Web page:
Harvard University Press has partnered with De Gruyter to make available for sale worldwide virtually all in-copyright HUP books that had become unavailable since their original publication. The 2,800 titles in the “e-ditions” program can be purchased individually as PDF eBooks or as hardcover reprint (“print-on-demand”) editions via the “Available from De Gruyter” link above. They are also available to institutions in ten separate subject-area packages that reflect the entire spectrum of the Press’s catalog. More about the E-ditions Program »
While the scholarship on Carlyle and Emerson is extensive for each, little attention has been paid to their relationship. This book offers an extended essay on the meaning and continuing significance of their three meetings and their correspondence that spanned thirty-eight years, from 1834 to 1872.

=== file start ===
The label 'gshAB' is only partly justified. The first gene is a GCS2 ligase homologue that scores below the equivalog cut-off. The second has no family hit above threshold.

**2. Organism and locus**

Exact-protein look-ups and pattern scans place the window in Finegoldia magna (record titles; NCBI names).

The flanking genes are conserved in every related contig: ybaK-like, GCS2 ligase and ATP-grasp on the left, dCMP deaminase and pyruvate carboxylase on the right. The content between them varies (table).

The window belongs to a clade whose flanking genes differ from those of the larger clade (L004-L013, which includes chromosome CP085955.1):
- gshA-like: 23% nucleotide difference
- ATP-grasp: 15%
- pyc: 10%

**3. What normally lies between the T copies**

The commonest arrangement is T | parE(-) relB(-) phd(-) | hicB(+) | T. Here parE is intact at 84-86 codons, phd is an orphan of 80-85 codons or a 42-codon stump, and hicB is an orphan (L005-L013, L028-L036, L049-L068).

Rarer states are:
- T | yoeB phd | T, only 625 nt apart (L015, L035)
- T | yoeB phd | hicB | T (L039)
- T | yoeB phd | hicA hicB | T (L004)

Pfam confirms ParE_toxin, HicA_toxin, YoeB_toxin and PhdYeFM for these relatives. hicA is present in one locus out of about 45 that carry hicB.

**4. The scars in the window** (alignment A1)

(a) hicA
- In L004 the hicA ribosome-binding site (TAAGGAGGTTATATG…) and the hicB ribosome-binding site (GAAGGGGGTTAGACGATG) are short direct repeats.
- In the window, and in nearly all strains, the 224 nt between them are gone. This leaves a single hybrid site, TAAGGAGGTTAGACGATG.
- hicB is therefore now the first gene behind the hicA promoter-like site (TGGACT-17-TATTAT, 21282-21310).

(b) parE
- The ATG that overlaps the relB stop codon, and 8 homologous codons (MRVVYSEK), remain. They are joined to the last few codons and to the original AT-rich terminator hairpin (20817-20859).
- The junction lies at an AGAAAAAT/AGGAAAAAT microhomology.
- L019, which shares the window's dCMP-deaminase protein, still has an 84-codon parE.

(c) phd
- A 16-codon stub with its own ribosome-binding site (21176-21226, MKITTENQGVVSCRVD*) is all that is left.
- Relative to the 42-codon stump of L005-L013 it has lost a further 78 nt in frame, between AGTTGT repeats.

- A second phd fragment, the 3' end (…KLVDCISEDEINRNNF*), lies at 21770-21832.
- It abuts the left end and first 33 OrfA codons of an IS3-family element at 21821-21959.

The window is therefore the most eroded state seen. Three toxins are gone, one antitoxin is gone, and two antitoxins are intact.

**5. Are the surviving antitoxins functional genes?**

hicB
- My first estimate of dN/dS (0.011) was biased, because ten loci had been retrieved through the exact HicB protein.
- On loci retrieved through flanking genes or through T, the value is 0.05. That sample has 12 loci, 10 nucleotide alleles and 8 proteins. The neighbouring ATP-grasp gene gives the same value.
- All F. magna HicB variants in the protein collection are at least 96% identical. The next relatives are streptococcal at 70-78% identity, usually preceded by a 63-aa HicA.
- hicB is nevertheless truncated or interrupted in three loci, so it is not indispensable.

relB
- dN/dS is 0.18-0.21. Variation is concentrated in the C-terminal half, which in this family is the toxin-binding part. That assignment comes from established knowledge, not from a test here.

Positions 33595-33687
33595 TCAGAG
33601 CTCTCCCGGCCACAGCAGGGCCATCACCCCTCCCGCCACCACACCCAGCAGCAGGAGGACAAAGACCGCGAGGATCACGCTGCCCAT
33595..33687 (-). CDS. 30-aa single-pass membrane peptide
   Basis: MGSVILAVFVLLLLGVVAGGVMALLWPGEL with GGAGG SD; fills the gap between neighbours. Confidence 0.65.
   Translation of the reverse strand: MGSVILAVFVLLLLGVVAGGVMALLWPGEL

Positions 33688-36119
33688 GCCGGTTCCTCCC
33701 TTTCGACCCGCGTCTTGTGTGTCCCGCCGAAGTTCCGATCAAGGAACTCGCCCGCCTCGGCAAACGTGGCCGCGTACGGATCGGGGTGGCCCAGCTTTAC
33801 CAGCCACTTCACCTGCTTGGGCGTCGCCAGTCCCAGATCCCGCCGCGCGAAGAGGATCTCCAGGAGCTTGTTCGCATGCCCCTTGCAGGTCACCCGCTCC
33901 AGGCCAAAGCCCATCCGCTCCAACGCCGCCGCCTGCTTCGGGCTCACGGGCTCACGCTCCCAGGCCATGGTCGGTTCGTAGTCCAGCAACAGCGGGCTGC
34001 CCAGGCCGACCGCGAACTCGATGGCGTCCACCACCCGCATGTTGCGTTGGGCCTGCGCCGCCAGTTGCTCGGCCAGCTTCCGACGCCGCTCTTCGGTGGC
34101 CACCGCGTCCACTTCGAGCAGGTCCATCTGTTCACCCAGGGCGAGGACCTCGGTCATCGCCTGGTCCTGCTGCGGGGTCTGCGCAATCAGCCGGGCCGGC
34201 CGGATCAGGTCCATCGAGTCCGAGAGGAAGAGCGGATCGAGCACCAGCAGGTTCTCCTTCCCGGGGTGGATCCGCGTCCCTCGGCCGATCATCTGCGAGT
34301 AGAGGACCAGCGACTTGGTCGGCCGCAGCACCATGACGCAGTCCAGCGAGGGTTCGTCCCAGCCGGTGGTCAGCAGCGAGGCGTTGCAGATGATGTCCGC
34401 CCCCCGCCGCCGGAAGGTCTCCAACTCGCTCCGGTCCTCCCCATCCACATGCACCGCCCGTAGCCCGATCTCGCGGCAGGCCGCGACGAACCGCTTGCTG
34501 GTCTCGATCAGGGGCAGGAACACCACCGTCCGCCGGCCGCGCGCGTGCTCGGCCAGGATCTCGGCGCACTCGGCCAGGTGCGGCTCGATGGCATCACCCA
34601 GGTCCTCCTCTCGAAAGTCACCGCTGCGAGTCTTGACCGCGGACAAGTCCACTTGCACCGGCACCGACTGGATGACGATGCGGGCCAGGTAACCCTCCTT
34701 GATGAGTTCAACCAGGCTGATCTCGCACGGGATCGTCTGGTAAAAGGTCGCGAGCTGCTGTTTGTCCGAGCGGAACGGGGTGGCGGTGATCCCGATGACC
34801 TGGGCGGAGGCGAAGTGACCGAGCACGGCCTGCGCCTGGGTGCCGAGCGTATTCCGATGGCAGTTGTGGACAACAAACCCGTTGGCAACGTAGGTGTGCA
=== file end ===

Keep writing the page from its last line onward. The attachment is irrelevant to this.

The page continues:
Taken together the two men epitomize the spiritual crisis of the nineteenth century—namely, how to adjust to the gradual removal of conventional religion from the center of one’s being and what to put in that religion’s place that will serve as well. Since their deaths, the crisis has not been resolved so much as it has been deepened. For Kenneth Harris, Emerson and Carlyle remain as cognate emblems of that crisis and as guides to strategies and self-therapies to survive it.
Harris’s essay received the 1977 Howard Mumford Jones Prize of the Department of English and American Literature and Language, Harvard University, as the best dissertation in English or American Literature.